Tweezing experiments are performed in microfluidic chambers (Fig 4A). To develop a UV-light based ATP uncaging setup, outside illumination (Fig 4B) was replaced with an optical fiber that could deliver the UV light precisely to the tip of the aspiration pipette (Fig 4D). Multiple iterations led me to develop a protocol to encapsulate all yeast ESCRT-III components (snf7, vps2, vps24, vps4) and caged ATP into a vesicle (Fig 4E). Tweezing and ATP uncaging on these vesicles led to a surprising and exciting result: very large forces were generated.
I used fluorescence based protein localization using confocal microscopy and two micromanipulator controlled pipettes (Fig 4G). Nanotubes pulling and protein decoration of the tubes from the inside could be confirmed (Fig 4H). To fully combine force and fluorescence experimentation, we decided to build the West Coast’s first confocal plus optical tweezer instrument (only a handful worldwide). I led the effort of building the microscope and writing the operation software together with Shannon Yan and Il-Hyung Lee from the Bustamante and Hurley labs. We named the instrument Confleezer 1.0. (Fig 4I, J). With this new instrument, we could show that the ESCRT proteins go specifically into the nanotube tube and become enriched in the tube after ATP release while the force rises. Most importantly, we could reproducibly demonstrate ESCRT specific and ATP and Vps4 dependent membrane nanotube scission – a first in this field!
The work is published: Schöneberg et al. NRM 2016 (doi:10.1038/nrm.2016.121) and under review (bioRxiv: https://doi.org/10.1101/262170). Confleezers 1.0 operating software is disclosed to UC Berkeley’s intellectual property management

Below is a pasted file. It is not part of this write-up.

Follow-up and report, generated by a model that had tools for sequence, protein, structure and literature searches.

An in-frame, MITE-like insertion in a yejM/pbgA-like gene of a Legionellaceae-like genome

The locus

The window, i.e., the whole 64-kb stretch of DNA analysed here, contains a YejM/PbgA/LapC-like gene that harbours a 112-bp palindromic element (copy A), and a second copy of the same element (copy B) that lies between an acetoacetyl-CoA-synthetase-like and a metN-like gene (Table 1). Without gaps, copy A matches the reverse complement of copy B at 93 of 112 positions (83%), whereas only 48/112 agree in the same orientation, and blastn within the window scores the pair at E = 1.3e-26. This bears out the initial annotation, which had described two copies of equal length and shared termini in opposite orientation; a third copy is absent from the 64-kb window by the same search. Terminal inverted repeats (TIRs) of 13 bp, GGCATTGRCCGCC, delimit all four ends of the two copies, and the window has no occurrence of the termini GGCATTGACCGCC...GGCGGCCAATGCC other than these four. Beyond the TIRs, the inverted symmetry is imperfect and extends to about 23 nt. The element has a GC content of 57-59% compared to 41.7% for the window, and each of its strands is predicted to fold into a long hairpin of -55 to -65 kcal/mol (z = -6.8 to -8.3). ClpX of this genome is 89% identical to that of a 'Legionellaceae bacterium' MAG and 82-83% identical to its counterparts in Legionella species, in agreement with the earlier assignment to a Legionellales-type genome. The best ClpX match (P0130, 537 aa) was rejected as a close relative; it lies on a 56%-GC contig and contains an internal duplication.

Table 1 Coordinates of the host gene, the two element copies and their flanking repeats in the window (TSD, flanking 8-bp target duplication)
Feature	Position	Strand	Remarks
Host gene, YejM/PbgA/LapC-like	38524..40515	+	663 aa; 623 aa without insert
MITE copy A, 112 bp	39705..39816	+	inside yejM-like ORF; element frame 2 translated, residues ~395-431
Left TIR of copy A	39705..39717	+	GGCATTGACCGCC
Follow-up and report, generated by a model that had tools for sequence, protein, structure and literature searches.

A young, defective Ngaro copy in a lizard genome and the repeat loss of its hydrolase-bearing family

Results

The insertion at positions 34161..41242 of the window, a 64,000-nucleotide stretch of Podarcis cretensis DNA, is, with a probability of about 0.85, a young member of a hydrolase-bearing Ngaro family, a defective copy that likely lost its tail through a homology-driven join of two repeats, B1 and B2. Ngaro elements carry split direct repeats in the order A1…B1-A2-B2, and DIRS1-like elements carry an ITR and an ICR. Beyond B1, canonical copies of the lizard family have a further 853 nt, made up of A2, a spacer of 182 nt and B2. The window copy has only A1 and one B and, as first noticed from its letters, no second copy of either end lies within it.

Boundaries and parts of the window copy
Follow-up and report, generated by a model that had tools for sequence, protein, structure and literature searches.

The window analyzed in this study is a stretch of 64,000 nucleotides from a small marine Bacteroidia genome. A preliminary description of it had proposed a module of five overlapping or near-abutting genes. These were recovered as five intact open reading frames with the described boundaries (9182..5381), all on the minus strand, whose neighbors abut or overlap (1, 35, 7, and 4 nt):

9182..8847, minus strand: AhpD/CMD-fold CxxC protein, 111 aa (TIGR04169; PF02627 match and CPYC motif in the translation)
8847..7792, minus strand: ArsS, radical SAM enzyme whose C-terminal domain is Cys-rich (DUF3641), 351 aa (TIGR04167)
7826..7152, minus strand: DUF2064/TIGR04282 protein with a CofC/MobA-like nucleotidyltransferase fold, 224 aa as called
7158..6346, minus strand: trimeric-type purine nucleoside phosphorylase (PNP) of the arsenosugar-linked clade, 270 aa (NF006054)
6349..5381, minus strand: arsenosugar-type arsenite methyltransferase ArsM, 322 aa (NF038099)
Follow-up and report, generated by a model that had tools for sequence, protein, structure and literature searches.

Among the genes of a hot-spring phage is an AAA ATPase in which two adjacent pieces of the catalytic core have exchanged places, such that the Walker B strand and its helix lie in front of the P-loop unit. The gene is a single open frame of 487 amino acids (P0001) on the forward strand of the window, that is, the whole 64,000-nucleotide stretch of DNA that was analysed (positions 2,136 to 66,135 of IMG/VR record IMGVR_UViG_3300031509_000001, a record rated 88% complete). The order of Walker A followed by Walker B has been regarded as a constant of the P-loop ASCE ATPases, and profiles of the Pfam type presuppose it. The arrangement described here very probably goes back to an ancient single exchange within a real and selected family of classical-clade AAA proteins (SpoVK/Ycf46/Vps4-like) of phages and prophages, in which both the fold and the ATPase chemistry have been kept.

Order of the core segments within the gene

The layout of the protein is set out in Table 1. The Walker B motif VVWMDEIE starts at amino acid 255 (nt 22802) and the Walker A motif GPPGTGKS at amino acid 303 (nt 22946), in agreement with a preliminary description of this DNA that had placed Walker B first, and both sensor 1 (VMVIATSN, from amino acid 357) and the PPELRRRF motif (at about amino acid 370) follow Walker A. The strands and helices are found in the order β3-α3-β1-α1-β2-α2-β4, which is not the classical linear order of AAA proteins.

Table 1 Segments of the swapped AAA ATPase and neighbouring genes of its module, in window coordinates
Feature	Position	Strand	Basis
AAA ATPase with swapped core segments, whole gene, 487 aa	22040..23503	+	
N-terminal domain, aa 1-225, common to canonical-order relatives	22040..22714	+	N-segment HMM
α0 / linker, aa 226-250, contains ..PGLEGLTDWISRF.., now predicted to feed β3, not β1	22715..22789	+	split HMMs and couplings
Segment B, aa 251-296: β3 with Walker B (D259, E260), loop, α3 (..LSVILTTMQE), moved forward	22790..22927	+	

Technical achievements include: Developing an encapsulation assay for ESCRT proteins, developing a precise UV based ATP uncaging system that works in a microfluidics chip, developing and building the Confleezers 1.0 including its sophisticated software. Biological insights from this study include: I led the efforts for developing the first biophysical working reconstitution system of ESCRT-III mediated membrane scission. Using this system, I could solve a long-standing mystery about the role of the AAA-Atpase Vps4, and could probe the inner workings of the ESCRT-III module. Results from this research have been published and are under review in leading scientific journals. Abstracts of the research have been been accepted to major scientific conferences for presentation, among them at the American Society for Cell Biology meeting 2017 in Philadelphia and the Biophysical Society meeting 2018 in San Francisco. The research results can be considered a breakthrough in the ESCRT field. Having a working reconstituted model of the ESCRT system now allows for the dedicated effort for drug testing and drug development on the ESCRT pathway, a pathway that is key to the release of e.g. all enveloped viruses such as HIV and Ebola.